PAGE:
Africa Overlanding: Our Week in Botswana

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Home to more elephants than any other country in the world, Botswana was the sixth country on our African overland tour.

If you’ve been following my blogs you’ll know we started our G Adventures tour in Kenya, travelled through Tanzania and Malawi, crossed the border into Zambia and finally entered Zimbabwe to marvel over the majestic Victoria Falls.

We’d chilled out in rooms (rather than tents) and had a few days off our fast-moving itinerary whilst at the Falls. After four countries and approximately 100 hours on the bus over the past 20 days, this was well received!

We said goodbye to half our group and met the next batch of passengers we’d be sharing our tents and the lando (our big purple bus) with for the following 20 days.

Chobe National Park

One of our first excursions in Botswana was Chobe National Park, a world-famous game reserve home to the big five and lots of other winged, feathered and hooved friends. We stayed nearby in Kasane and showed the newbies how camping was done – or in mine and Sarah’s case, not done! Rolling our tent small enough to fit in its bag was still flooring us on a daily basis. Some of my photos would suggest we weren’t trying THAT hard 😉

The life of Riley

We had the option of a river safari or a land safari in Chobe. Some of us had spotted hippos from a sunset boat cruise just a few days before, so opted to explore the park by 4×4 safari car. Sod’s law had it that the river safari group spotted approximately 40 elephants by the riverside whilst we only caught one solo guy hiding in a bush!

But as the age-old saying (that I just made up) goes: it’s better to see one elephant than no elephants at all!

Chobe was a bit less awe-inspiring than some of the other safaris we’ve been on but after the unbeatable Serengeti it’s hardly surprising. We still managed to spot plenty of hippos lazing in the lake, including some young ones. As babies go, we were really lucky – we saw tons of young impala, and most of the monkeys we saw had a little one clinging to them or riding around on their back.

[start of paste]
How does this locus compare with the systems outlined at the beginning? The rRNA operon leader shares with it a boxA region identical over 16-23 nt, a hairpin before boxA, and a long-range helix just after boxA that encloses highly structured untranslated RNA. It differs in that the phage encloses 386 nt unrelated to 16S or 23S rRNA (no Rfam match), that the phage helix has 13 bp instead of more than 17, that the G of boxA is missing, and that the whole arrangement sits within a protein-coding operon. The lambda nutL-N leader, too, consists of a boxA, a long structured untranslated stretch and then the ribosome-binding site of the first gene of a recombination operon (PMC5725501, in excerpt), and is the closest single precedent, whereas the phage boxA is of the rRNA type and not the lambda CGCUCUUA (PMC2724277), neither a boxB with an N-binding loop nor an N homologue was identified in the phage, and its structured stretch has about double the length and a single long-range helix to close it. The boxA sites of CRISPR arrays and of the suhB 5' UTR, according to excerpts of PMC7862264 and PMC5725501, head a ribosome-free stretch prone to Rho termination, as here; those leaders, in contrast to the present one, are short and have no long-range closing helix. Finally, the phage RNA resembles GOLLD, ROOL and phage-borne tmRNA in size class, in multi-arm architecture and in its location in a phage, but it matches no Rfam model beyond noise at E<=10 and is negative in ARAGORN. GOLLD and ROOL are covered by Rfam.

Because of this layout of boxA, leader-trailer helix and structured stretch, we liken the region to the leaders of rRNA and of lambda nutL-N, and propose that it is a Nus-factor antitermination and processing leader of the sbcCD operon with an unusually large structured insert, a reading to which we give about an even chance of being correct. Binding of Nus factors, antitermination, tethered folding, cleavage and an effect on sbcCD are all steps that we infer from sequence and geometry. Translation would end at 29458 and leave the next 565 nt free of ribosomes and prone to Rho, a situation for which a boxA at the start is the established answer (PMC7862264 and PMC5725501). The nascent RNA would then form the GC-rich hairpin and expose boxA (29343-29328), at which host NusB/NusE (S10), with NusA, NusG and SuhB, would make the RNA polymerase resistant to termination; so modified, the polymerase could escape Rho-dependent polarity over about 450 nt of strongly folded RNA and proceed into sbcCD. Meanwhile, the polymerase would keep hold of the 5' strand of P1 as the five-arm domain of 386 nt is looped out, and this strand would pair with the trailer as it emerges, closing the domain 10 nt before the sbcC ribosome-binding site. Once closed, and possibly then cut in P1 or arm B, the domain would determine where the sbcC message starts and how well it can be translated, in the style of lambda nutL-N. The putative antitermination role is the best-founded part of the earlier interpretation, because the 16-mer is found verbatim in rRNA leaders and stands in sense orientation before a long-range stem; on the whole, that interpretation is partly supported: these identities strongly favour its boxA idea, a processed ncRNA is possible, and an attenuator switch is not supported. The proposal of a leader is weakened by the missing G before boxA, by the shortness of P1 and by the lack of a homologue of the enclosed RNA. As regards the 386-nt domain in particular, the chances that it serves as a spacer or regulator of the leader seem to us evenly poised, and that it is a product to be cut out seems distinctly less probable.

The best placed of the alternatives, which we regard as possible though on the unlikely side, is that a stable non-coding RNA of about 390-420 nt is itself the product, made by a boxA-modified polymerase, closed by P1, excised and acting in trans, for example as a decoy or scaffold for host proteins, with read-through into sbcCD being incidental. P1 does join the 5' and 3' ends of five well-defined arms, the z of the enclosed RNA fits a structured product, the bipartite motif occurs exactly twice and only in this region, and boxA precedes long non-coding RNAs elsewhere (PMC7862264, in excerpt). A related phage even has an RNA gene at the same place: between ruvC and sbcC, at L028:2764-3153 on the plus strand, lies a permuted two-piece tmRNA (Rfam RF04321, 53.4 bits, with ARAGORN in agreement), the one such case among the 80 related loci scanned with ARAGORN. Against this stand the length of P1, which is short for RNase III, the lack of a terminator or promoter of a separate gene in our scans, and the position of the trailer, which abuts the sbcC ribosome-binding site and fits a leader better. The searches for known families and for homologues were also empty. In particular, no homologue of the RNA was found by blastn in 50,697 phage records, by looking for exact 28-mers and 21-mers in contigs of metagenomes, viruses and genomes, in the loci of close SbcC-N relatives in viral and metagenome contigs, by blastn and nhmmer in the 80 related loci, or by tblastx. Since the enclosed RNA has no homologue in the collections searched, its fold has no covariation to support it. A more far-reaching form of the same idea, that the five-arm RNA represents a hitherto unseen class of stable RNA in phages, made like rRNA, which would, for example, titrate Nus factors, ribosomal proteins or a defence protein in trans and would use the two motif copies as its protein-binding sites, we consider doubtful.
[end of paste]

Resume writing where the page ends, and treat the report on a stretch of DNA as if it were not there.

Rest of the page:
We had our eyes peeled for elephants so when one stumbled out of the bush we squealed at our driver to stop. We also spotted a herd of buffalo plus a kudu, a type of antelope I’d not seen before.

The park was so green as a result of the current rainy season: a total contrast to the dry Serengeti we’d got used to in Tanzania. It made it slightly more difficult to spot the wildlife as the many bushes, trees and long grass made for easy hiding spots. We tracked lion footprints but didn’t get a visual of the big cats – luckily we have endless memories of them stalking the Serengeti plains.

After Chobe, we journeyed on towards the west of Botswana. We noted that the country was wealthier than those we’d come from. Around Malawi and Tanzania, we’d seen plenty of shanty villages on the roadside where lifestyles were extremely basic. In contrast to these countries with huge rural populations, Botswana has a tiny total number of residents: just 2 million.

Whereas its neighbour countries rely on agriculture as a way of life, Botswana’s population is so small that the government import most of the country’s food rather than build an industry of production and distribution.

The Okavango Delta

Our next stop was the Okavango Delta: a series of waterways and islands within marshy grasslands. People use canoes to get between the different islands but the resident animals – such as lions, elephants and giraffes – get about by swimming.